Writer: Marguerite Bennett / Artist: Marguerite Sauvage / DC Comics

DC Comics is starting a new arc of it’s all-women superhero squad, The Bombshells, so you know I had to come round and give it a look. Bombshells United continues to be written by Marguerite Bennett, whom I fell in love with back on A-Force. She’s back with Marguerite Sauvage on art and they are a great combination.

Set in 1943, 3 years after the end of the previous Bombshells run, we are introduced to the Wonder Woman, Diana, as she teams up with Donna Troy and Cassie Sandsmark (both of whom have at different points been Wonder Woman’s sidekicks/kid sisters) to fight the Japanese Internment started under Executive Order 9066. Following in the pattern of Bombshells, the heroes are re-writing history, fighting wrongs where-ever they find them.

After a fun train escape caper, Diana, Donna, and Cassie gather up in the Pacific Northwest with the freed Japanese Americans to try to pull together a plan. What follows is the slowest part of the comic, with an extended conversation about the wrongs of settler colonialism in America. Dawnstar enters to add her “I’m a descendant of Native Americans” perspective and the whole thing dips deeply into the parallel politics of the 1940s and today. All along there is a question hanging: If I could go back as a superhero and address atrocities, which would I pick? And why?

As an intro issue, the comic works hard to give the reader a peek at each character’s motivations and to explain the historical context that all of the action is based on. But even with all the exposition, the action moves along quickly with our heroes painting themselves into a corner, with only more extreme action to come as they try to save everyone. Everyone? We’ll see.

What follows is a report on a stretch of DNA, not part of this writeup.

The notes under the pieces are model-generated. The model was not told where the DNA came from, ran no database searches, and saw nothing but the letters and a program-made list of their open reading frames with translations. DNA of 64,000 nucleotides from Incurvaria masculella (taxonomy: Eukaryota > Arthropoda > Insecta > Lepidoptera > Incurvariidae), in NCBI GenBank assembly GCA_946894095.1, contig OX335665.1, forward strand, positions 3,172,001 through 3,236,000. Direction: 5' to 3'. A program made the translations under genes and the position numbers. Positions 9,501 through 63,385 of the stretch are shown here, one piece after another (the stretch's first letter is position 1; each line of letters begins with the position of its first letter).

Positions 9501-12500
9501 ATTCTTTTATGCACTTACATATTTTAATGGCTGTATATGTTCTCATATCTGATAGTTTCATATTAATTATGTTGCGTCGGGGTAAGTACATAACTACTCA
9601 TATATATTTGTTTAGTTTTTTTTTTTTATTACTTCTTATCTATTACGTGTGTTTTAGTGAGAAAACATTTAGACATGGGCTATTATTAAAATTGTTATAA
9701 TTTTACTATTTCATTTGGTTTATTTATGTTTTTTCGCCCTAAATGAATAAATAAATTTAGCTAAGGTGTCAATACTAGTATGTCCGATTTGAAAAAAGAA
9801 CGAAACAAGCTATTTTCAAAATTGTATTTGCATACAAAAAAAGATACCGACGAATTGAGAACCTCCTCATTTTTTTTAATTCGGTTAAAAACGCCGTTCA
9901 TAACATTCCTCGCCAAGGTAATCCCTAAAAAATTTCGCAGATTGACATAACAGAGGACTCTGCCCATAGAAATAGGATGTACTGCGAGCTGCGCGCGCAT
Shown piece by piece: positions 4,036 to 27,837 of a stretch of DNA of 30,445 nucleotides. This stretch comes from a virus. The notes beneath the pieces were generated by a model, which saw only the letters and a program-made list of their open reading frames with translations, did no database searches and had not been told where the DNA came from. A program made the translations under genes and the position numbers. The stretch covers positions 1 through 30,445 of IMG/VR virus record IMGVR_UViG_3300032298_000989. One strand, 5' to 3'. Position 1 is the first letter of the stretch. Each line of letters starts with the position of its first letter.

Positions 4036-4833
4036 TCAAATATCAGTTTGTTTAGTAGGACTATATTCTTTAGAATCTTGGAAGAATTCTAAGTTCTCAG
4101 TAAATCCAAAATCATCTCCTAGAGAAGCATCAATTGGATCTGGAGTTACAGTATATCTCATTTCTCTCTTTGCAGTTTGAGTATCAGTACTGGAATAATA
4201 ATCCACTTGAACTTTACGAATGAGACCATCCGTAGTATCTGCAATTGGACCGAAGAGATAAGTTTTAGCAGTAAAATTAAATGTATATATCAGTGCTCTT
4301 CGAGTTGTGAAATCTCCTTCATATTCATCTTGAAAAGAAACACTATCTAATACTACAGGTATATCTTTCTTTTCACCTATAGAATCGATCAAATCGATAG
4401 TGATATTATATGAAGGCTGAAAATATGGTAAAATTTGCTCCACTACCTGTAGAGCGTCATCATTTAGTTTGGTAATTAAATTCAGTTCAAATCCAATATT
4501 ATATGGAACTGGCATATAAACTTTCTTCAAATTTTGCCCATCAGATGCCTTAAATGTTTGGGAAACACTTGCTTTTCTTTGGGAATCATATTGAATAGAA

Sauvage’s art style if fantastically painterly, looking more like fine art illustrations of the 1940s than like modern comic books. It really does give a “throw back” feeling that is immersive. She also draws the women naturally and well, there’s plenty of hair and hugging and historically inspired clothing. It all looks completely different from other comics on the shelves right now, and that’s great.

Despite the slower talky parts in the middle, the book really gets off to a running start, ending with a cliffhanger that has me digging back through Wonder Woman’s other adversaries so I am in the know for the next issue. If women-led comics bursting with diverse women characters is your thing, pick this one up. It looks to be a hell of a ride.

7.5 Blonde Wigs out of 10

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